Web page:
Sciutto: How much of its moral high ground in terms of pushing for internet freedom has the US lost with the existence of the NSA and other interference on the internet?
Karlekar: I think it is affecting our moral high ground. Many governments use surveillance and other repressive tactics. The US used to be able to say that they should not be doing that. Now it is becoming much more difficult to say that. It is particularly ironic because the US government is trying to sell itself as an open, transparent government, but it is not.
Sciutto asked, are your Al Jazeera colleagues more scared now when they work?
Turton: We have had to change how we operate. This is not just Al Jazeera; it is the media in general. In Egypt it is not just journalists being thrown in jail, but anyone with opposing views.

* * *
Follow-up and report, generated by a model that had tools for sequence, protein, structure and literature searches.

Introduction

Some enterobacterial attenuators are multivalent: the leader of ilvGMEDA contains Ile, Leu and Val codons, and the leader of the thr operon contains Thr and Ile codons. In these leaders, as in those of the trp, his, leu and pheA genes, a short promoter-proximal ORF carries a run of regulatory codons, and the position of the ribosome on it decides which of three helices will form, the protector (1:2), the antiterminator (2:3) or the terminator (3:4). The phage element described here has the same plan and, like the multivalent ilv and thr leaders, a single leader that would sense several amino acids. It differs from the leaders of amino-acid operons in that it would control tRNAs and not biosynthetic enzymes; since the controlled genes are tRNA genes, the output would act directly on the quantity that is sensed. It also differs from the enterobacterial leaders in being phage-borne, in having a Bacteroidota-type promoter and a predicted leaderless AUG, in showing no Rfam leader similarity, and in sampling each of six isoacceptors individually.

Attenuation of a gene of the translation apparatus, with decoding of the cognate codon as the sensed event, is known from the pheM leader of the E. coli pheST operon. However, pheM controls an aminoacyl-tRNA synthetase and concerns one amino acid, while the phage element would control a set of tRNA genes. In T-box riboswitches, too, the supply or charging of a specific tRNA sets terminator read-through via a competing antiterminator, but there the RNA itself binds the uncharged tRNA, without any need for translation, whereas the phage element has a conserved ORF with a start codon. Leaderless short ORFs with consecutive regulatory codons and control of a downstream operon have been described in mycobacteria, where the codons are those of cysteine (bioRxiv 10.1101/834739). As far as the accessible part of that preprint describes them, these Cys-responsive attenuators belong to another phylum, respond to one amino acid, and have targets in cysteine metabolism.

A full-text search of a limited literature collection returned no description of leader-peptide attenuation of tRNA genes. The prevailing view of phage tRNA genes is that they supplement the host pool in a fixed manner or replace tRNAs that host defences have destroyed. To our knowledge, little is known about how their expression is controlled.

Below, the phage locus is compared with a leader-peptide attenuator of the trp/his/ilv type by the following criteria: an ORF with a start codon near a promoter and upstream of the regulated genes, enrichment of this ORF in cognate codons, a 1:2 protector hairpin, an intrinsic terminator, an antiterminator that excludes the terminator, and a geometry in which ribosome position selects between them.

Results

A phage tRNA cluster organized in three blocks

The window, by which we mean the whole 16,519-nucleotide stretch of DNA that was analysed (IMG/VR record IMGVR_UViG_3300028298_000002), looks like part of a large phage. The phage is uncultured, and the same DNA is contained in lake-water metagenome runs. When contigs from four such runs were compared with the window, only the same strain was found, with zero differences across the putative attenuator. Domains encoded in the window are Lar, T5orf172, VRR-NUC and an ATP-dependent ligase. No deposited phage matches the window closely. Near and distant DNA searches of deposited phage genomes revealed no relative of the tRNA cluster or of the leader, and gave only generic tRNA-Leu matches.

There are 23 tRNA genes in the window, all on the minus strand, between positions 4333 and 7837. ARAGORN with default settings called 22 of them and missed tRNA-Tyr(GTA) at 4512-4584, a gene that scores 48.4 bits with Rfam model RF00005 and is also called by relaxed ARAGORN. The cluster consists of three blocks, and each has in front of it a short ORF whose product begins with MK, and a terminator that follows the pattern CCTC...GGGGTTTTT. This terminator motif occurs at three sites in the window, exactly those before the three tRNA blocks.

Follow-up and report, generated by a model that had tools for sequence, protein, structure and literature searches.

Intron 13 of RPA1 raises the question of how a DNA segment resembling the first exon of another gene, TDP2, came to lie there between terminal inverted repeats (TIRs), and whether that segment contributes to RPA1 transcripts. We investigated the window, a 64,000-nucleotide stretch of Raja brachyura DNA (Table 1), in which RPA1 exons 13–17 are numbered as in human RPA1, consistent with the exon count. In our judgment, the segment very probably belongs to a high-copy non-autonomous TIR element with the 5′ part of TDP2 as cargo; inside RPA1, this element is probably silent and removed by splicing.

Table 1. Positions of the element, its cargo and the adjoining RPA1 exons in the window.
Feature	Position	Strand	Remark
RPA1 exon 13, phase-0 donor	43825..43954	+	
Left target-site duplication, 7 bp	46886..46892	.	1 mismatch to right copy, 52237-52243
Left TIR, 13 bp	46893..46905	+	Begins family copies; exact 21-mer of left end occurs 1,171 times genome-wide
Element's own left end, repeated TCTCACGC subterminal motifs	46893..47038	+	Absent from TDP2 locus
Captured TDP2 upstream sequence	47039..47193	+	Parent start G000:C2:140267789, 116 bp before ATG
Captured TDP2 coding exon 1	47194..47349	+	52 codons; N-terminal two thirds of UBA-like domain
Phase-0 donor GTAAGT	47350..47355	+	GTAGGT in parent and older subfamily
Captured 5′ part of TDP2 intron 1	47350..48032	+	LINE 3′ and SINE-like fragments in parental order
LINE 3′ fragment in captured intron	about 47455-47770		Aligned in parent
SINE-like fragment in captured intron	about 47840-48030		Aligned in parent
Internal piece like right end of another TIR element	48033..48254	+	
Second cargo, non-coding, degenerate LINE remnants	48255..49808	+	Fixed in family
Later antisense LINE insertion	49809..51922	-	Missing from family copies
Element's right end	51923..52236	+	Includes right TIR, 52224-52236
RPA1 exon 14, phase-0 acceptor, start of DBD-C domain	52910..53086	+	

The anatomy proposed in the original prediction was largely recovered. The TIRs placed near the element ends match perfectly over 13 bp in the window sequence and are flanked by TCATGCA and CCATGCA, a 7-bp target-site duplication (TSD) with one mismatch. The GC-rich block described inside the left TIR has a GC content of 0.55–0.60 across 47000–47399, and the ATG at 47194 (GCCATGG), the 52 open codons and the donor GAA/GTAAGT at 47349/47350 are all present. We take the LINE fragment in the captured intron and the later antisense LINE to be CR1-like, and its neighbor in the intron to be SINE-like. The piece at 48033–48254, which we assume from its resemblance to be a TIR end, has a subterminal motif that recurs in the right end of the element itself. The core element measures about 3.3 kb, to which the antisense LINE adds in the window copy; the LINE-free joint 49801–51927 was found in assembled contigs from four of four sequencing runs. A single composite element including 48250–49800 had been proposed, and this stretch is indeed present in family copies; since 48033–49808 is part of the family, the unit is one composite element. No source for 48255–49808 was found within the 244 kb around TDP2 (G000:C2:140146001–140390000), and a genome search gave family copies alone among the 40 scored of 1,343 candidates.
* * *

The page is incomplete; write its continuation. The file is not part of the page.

Sciutto: When you get into issues like coverage of leaks and you worry about your sources and your own legal situation, does that affect the overall quality of reporting?
Shane: I think it has chilled reporting on national security. What is interesting is the crackdown under Obama. There seems to be a random quality to it. All of the cases have involved electronic trails; emails or Internet chat logs. In the past the FBI would say that they would like to investigate this leak, but there are 1,000 people with security clearance. They had no good way of finding out who was responsible. Now, they can go into the government email system and find out exactly who has been talking to the reporter whose byline is on that story.
In fairness, technology is driving leakers as well. Two of the cases, Bradley Manning and Edward Snowden, are unique in American history. The volume of classified information out there is unprecedented. If our government is tracking leaks to the press in the US, it is obviously happening on an exponentially greater scale in countries like China or Russia.
Karlekar: The fear is that these issues will lead to self-censorship. What stories are not getting covered out of fear?
The entire Freedom House report can be viewed here.